For septic tanks in Northern Virginia to drain and treat effluent effectively, their drainfield soil needs to have certain properties, and there needs to be some erosion control on and around the drainfield.
Drainfield soil is assessed by:
- Texture: This allows us to estimate pore sizes in the soil. The field method is ‘texture by feel’ in which a flow chart is used as the soil is manipulated by hand.
- Structure: This is the naturally occurring aggregation of particles into a larger form, often called a ped. Unless the soil is structureless, it tends to break up into these peds. These structures can play a role in porosity and water movement within the soil.
- Density: This also has an effect on the porosity of the soil, in turn affecting its permeability. The more compact the soil is, the less permeable it becomes. The field test is performed by probing the soil with a rod. This gives a very general estimate as to its compaction/density.
- Color: The color of soil and soil layers can indicate whether it has good/poor drainage. In general, if drainage is good it is typical to for the soil to have bright colors and clearly defined soil layers. Dull/grey colors and mottles appear in poorly drained soils, although may not always be an indicator of saturated soils or seasonal water tables. These colors are controlled by redox reactions and translocation of C, Fe, Mn, and S compounds in the soil.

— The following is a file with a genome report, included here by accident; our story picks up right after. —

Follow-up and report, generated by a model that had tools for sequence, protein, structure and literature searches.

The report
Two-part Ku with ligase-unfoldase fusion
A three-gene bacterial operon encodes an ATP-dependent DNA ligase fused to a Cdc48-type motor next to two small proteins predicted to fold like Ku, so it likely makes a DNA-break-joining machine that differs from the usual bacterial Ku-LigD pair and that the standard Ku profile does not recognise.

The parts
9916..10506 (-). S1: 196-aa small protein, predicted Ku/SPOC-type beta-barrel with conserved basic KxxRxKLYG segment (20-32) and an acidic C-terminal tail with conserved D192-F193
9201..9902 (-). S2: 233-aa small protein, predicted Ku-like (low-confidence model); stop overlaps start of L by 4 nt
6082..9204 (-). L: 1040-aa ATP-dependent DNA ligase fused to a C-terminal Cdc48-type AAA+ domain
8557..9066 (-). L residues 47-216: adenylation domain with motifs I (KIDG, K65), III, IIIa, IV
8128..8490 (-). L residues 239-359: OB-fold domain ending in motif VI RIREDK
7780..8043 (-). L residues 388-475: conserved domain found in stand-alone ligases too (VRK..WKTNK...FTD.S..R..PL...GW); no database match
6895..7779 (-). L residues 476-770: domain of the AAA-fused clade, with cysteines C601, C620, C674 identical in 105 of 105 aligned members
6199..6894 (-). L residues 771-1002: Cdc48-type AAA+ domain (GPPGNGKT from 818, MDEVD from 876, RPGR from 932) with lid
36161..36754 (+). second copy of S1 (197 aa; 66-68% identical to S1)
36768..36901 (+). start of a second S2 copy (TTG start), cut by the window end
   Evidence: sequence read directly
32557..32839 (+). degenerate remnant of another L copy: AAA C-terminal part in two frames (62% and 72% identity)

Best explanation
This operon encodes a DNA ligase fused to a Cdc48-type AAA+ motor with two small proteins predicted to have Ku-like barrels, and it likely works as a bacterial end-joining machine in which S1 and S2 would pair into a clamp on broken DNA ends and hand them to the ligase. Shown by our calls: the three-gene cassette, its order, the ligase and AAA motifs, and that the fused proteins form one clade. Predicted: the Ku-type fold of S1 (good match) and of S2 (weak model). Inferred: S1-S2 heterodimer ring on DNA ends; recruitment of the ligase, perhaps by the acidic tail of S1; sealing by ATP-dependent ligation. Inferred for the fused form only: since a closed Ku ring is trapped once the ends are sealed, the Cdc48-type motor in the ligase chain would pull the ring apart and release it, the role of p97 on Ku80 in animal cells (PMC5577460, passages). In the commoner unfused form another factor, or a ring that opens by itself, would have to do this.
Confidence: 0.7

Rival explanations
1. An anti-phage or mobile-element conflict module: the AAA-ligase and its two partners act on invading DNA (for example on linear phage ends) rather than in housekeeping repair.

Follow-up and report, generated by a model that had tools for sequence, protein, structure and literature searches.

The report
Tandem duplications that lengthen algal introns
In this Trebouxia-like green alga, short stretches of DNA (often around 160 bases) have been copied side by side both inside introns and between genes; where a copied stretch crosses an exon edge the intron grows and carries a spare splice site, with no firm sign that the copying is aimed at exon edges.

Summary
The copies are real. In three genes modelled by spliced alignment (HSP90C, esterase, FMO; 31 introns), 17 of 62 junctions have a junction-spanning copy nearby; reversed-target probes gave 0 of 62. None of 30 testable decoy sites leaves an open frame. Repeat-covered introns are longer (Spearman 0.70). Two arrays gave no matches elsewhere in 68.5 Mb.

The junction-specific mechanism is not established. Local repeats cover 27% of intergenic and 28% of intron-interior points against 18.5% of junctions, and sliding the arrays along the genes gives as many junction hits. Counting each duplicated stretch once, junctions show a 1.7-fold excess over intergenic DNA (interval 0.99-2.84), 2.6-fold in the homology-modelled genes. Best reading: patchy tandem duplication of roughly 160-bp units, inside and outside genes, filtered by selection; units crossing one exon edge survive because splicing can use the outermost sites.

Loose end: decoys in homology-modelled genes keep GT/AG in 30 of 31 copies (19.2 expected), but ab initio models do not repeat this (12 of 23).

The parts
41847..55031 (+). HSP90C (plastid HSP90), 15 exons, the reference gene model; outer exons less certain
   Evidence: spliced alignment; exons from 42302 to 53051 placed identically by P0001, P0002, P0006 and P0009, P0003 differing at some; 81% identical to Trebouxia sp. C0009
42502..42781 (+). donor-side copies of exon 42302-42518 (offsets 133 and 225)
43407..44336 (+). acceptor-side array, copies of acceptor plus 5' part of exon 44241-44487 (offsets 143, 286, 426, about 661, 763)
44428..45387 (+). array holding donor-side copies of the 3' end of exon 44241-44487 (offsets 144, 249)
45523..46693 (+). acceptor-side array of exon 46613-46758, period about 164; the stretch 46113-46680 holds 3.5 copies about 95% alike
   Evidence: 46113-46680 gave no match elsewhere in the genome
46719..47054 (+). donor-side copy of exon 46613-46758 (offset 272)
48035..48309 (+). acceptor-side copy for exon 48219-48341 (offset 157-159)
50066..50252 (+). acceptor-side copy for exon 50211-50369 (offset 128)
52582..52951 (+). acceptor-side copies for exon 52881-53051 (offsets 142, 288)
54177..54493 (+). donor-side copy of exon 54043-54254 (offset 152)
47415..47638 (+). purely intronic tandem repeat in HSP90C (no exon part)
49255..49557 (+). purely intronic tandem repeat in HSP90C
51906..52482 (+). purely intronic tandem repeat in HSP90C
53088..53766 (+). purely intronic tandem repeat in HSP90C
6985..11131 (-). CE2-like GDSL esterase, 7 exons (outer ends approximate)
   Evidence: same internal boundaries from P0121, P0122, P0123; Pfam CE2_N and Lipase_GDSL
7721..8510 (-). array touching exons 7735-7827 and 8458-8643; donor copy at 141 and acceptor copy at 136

To manage soil erosion:
- If you have a sump pump, make sure it’s directed away from the drainfield.
- Rainfall running off roofs or concrete areas should be drained around the drainfield to prevent the field from filling with water.
- Never drain a pool or jacuzzi near the drainfield.
- Correct any depressions in the drainfield where surface water might collect (watch for puddles after a rain, and fill those areas in.)
- Add herbaceous, shallow-rooted plants such as flowering perennials and annuals, turfgrass, other groundcovers keep soil from puddling on or eroding the drainfield. (Be careful not to dig too deep – septic tank drain lines are buried only 2 feet deep.)
For more information about septic tanks in Northern Virginia, please contact the experts at SES Mid Atlantic, LLC. Based in Warrenton, Virginia, SES has provided expert septic system inspections, service, maintenance and repairs to Northern Virginia systems since 1987.